The Random Samples—4/9/2021

It is time for another edition of “Random Samples”–I occasionally get samples from marketing agencies and/or producers, and these can often be grouped together into some sort of over-arching theme: Sauvignon Two WaysChardonnay Any Day, If It Doesn’t Sparkle, It Doesn’t Matter.

2017 The Eyrie Vineyards Trousseau, Dundee Hills, Willamette Valley, OR: Retail $35 (Sold Out). 100% Trousseau. Under cork. Trousseau comes from the Jura region of France, an area that many (most?) have never encountered. It is essentially, a sub-region of the Alps, but it is technically its own mountain range. It also has some of the most original grape varieties in France, including Trousseau. There is a bit of it in Spain and Portugal (where it is called Bastardo), but other than that? Pretty darned rare. That is exactly why I was excited to see this wine show up on my stoop from Eyrie in Oregon. Considerable funk on the nose initially, along with red and dark berry fruit, and a healthy dose of baking spices. The palate is driven by the zingy acidity, accompanied by plenty of fruit. There is a bit of funk here, too, but it seems to work well. Overall, a bit of an odd bird, but it is particularly well-done and a great food wine. Excellent. 90 Points.

2018 Gundlach Bundschu Chardonnay, Sonoma Coast, CA: Retail $27. DIAM 5 Closure. 100% Chardonnay. Aged in French oak, 20% new. Upon first taste, when my wife asked me what I thought? “It’s Really Good. Even Excellent. There is oak, but it is subtle and it works.” I stand by all of that. On the light side of color in the glass, barely a “brilliant straw.” The nose is quite shy, with hints (but only hints) of musk melon, white peach, and a flinty minerality that is more reminiscent of Chablis than the Sonoma Coast. The palate is lean and focused, driven by a slightly under-ripe, tart acidity–imagine a really crunchy white peach or Bosc pear. There are hints of creaminess and oak, but those are well in the background. I feel this is a wine that both Chardonnay lovers and the Anything But Chardonnay crowds could embrace. Excellent. 91 Points.

2019 Firesteed Pinot Gris, Willamette Valley, OR:  Retail $16. 100% Pinot Gris. Under screw cap. Pinot Gris is fairly common in the Willamette Valley; despite Chardonnay’s increasing popularity, Pinot Gris remains the top white variety in the region. It is not popular, in fact it is illegal, in Burgundy, France making the comment on the back label that “this [is] a cool-climate, Burgundian-style wine” more than a bit puzzling. What is clear that this pale straw wine exudes ripe apple, pear, white rose, and jasmine on the nose. The palate is a bit fruity (and a bit disjointed) but with good acidity and just a touch of sweetness. Not a bad quaff at all.Very Good. 88 Points.

2019 Firesteed Pinot Noir, Oregon: Retail $17. Under screw cap. Oregon is known for Pinot Noir, but it is not necessarily known for “inexpensive” Pinot. For years, I have professed that, by and large, it is really difficult to produce a high quality Pinot for under $25-30 (the reasons for that are many, but the main one being that when Pinot is over-cropped, it becomes considerably less interesting—at least to me). While this is not a wine that will cause hours of introspection, it does offer tons of fruit, a mocha-esque aspect, and plenty of acidity. I knew going in that my socks would likely remain firmly on my feet with this wine, but it certainly has its place. Good. 86 Points.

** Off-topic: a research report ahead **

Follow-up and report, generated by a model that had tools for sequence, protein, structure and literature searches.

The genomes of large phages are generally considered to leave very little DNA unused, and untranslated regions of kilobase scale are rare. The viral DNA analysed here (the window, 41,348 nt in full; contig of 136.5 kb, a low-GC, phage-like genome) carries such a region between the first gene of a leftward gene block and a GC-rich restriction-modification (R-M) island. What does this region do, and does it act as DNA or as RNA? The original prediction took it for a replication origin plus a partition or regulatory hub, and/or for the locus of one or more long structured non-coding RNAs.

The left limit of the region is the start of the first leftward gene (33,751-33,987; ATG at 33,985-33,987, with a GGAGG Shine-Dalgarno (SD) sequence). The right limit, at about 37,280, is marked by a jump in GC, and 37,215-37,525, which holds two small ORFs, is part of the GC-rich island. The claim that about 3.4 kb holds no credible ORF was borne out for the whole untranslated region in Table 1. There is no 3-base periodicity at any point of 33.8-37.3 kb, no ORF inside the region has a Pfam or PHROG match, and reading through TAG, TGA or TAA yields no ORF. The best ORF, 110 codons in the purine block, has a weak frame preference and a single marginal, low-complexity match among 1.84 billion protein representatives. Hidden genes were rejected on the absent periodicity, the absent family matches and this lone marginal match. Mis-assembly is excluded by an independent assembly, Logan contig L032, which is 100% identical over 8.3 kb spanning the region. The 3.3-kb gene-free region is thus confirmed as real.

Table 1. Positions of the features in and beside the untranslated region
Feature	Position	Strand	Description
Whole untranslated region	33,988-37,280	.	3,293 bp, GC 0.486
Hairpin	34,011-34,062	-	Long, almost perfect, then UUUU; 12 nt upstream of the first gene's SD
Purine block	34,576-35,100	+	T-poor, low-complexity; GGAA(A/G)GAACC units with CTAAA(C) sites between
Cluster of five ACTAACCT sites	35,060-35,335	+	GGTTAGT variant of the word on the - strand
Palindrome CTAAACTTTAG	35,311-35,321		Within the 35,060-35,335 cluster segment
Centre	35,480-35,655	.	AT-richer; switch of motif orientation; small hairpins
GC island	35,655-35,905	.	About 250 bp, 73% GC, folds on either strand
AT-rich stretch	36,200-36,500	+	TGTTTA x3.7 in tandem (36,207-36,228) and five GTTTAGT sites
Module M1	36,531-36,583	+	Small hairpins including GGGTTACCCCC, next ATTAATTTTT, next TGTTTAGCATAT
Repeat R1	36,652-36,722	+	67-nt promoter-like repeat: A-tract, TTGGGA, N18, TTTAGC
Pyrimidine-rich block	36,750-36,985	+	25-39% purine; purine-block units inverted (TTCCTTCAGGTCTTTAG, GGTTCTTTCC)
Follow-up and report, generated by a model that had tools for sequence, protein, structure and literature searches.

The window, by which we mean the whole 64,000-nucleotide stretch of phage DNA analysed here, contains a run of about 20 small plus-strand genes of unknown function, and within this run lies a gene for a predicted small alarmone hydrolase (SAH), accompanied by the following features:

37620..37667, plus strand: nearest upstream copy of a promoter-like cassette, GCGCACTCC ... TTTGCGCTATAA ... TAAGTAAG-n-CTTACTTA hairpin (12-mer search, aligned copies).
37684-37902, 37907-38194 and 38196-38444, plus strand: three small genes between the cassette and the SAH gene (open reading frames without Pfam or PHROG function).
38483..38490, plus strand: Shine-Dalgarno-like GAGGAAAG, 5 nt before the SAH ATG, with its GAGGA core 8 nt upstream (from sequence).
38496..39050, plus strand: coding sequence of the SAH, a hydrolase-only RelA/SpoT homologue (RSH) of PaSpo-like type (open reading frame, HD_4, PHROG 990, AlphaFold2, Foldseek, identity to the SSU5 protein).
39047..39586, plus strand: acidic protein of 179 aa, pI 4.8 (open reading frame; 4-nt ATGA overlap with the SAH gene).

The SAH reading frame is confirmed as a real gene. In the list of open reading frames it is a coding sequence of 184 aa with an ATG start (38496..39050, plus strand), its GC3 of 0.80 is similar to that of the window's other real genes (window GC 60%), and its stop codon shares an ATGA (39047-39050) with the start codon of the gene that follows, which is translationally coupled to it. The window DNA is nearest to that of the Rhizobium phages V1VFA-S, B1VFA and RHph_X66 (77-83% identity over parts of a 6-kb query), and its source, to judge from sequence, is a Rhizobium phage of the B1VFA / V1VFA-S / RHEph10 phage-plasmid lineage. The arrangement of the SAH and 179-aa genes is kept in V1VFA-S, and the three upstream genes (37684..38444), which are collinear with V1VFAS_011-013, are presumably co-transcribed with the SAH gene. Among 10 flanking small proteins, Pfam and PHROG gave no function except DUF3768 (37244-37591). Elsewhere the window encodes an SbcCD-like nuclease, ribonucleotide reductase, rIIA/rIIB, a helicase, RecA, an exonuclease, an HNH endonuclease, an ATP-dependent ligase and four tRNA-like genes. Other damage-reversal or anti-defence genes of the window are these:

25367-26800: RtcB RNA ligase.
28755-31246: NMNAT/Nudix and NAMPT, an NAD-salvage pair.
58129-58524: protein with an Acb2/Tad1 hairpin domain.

NV Earl Stevens Selections Function Red Blend, CA: Retail $15. B.A.B. Earl Stevens is also known as E-40 and if you knew that and/or know who he is (his is a hip-hop artist), you are waaaay ahead of this tragically white guy. I looked all over, but could not find any of the varieties that go into this wine. Not one. I have a few guesses after tasting it, but well…. A pleasant nose of dark berry fruit, spice, and even some earth. The palate is fruity, really fruity. And jammy. Really jammy. And even a bit sweet (although not really sweet). Look, this is not my style of wine, but there is no doubt in my mind that there is definitely a market for this wine. I still struggle with the ridiculous weight of the bottle, though.Very Good. 87 Points.

2017 Tamarack Cellars Firehouse Red, Columbia Valley, WA: Retail $20. 33% Syrah, 27% Cabernet Sauvignon, 18% Merlot, 11% Cabernet Franc, 3% Mourvèdre, 2% Grenache, 2% Counoise, 2% Sangiovese, 2% Petit Verdot. Wow. Nine. Count ’em nine varieties here and I am fairly certain that has to be a record for any wine I have tried (but I am equally sure it’s not–but it’s up there). Another peculiarity? I sampled the 2018 several months ago ahead of this 2017 (long story). My feelings about this wine mirror fairly closer its slightly younger sibling: great fruit, wonderful tartness, balance, depth. All of that for under twenty bucks? You must be joking. Seriously. Joking. Excellent. 90 Points.


About the drunken cyclist

I have been an occasional cycling tour guide in Europe for the past 20 years, visiting most of the wine regions of France. Through this "job" I developed a love for wine and the stories that often accompany the pulling of a cork. I live in Houston with my lovely wife and two wonderful sons.
This entry was posted in Cabernet Franc, Cabernet Sauvignon, Chardonnay, Counoise, Grenache, Merlot, Mourvèdre, Petit Verdot, Pinot Gris, Pinot Noir, Sangiovese, Syrah, Trousseau, Wine and tagged , . Bookmark the permalink.

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